I have been immersed in all things Indian this week. I finally got round to watching the highly acclaimed film The Best Exotic Marigold Hotel and I read the debut novel from Manisha Jolie Amin, Dancing to the Flute.
The film and the book both filled me with a sense of the colour, warmth and richness of India. The Best Exotic Marigold Hotel tells the story of a group of mature English individuals who find love, friendship and themselves when they are brought together in the confusion, noise and heat of India. Dancing to the Flute follows the lives of three young friends as they are growing up, finding their way in a tough world which can bring joy but also immense sadness.
Watching the film helped to create a sense of place in my mind which I’m sure added to my enjoyment of this novel. However I would have been just as captivated by Manisha’s story without the help of the big screen because she fills each page with vivid descriptions: her writing has an ethereal quality which transported me to the harsh realities of rural India.
The book centres on the character of Kalu and how he is fortunate to be rescued from a life of poverty and disability because of his talent for playing the flute. Music is central to Kalu’s life and is also the focus of the book itself. There is a rhythm to the narrative; the authors’ words dance across the page as she educates the reader in the complexities of Indian ‘raag’ (mood) compositions.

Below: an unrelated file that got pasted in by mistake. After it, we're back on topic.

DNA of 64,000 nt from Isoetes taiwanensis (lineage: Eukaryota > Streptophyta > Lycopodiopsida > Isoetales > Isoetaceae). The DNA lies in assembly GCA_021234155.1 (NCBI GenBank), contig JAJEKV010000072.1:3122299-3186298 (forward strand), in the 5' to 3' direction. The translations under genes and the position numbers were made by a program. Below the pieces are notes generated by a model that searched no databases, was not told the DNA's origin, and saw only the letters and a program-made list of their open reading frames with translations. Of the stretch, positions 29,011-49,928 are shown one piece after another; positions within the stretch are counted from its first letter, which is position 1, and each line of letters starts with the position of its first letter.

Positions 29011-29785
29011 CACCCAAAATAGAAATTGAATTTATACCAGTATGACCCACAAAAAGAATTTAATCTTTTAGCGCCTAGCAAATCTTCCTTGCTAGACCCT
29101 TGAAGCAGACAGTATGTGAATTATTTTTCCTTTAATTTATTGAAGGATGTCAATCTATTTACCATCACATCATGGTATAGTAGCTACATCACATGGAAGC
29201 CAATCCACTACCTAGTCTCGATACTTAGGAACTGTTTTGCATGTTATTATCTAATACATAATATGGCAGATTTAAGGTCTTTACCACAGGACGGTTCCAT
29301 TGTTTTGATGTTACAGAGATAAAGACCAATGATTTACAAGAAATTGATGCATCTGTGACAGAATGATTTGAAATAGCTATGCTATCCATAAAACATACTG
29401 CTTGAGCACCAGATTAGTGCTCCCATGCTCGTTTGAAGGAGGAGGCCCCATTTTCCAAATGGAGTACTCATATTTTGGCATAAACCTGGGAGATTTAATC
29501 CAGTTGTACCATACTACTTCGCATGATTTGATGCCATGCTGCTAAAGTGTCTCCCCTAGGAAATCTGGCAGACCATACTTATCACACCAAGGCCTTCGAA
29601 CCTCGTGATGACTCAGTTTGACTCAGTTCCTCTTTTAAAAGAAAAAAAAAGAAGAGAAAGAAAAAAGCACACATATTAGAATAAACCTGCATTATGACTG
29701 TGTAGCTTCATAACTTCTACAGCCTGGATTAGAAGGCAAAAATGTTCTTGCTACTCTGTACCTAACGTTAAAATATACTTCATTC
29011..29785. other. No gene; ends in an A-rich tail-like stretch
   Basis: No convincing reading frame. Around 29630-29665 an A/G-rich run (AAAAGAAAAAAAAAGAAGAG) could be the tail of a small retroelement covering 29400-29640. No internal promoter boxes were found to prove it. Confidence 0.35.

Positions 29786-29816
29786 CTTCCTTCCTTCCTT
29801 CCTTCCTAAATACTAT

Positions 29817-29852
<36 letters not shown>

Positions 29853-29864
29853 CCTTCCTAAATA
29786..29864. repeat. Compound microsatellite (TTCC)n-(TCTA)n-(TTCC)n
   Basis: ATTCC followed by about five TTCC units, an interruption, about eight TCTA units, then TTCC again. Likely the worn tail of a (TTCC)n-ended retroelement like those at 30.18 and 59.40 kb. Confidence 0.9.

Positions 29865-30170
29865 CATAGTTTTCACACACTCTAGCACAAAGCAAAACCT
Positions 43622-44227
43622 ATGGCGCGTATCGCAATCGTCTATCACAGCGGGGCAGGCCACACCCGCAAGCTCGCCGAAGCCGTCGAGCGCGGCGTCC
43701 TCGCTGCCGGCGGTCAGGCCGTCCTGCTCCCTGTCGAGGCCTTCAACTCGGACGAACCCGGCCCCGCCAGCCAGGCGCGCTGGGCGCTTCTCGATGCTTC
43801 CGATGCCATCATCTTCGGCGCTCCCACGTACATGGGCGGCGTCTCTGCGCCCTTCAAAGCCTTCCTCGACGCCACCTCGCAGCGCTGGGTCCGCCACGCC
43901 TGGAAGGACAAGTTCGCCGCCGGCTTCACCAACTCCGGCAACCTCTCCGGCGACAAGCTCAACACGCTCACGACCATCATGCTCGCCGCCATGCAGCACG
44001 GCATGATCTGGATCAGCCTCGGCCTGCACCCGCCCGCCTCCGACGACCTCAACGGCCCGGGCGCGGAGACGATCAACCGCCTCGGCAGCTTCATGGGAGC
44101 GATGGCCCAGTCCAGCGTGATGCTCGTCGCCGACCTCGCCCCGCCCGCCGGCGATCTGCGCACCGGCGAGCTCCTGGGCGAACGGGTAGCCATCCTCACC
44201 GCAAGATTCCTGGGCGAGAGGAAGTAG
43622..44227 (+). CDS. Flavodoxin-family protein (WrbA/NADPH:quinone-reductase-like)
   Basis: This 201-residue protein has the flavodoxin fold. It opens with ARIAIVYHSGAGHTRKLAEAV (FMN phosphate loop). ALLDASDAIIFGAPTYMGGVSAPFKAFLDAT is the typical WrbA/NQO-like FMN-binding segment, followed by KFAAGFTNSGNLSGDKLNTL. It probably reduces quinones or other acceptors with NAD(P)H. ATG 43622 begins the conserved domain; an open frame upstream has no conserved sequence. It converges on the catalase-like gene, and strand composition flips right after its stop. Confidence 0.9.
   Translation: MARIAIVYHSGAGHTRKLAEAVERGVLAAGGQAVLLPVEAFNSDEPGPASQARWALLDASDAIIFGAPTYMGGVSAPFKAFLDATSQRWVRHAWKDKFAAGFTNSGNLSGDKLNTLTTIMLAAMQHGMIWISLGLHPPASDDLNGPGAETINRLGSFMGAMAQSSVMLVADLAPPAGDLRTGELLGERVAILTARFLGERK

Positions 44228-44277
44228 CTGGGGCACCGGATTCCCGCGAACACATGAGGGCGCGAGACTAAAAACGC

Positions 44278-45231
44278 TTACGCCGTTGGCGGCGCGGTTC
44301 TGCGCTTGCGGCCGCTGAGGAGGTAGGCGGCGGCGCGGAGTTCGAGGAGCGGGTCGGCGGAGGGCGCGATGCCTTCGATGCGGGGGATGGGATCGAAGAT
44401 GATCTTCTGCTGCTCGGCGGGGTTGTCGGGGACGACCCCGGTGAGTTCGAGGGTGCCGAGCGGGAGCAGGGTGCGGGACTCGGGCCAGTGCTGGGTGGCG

The characters of Kalu and his friends, Bal and Malti, are beautifully described but so are the supporting roles such as the colourful Ganga Ba and the playful, kind, elderly servant, Ashwin. All the characters have an important part to play in making this book such a delight to read, just as every note Kalu plays is essential to the piece of music he performs.
An excellent first novel which I can highly recommend, whether you accompany the read with a good dose of The Best Exotic Marigold Hotel or not.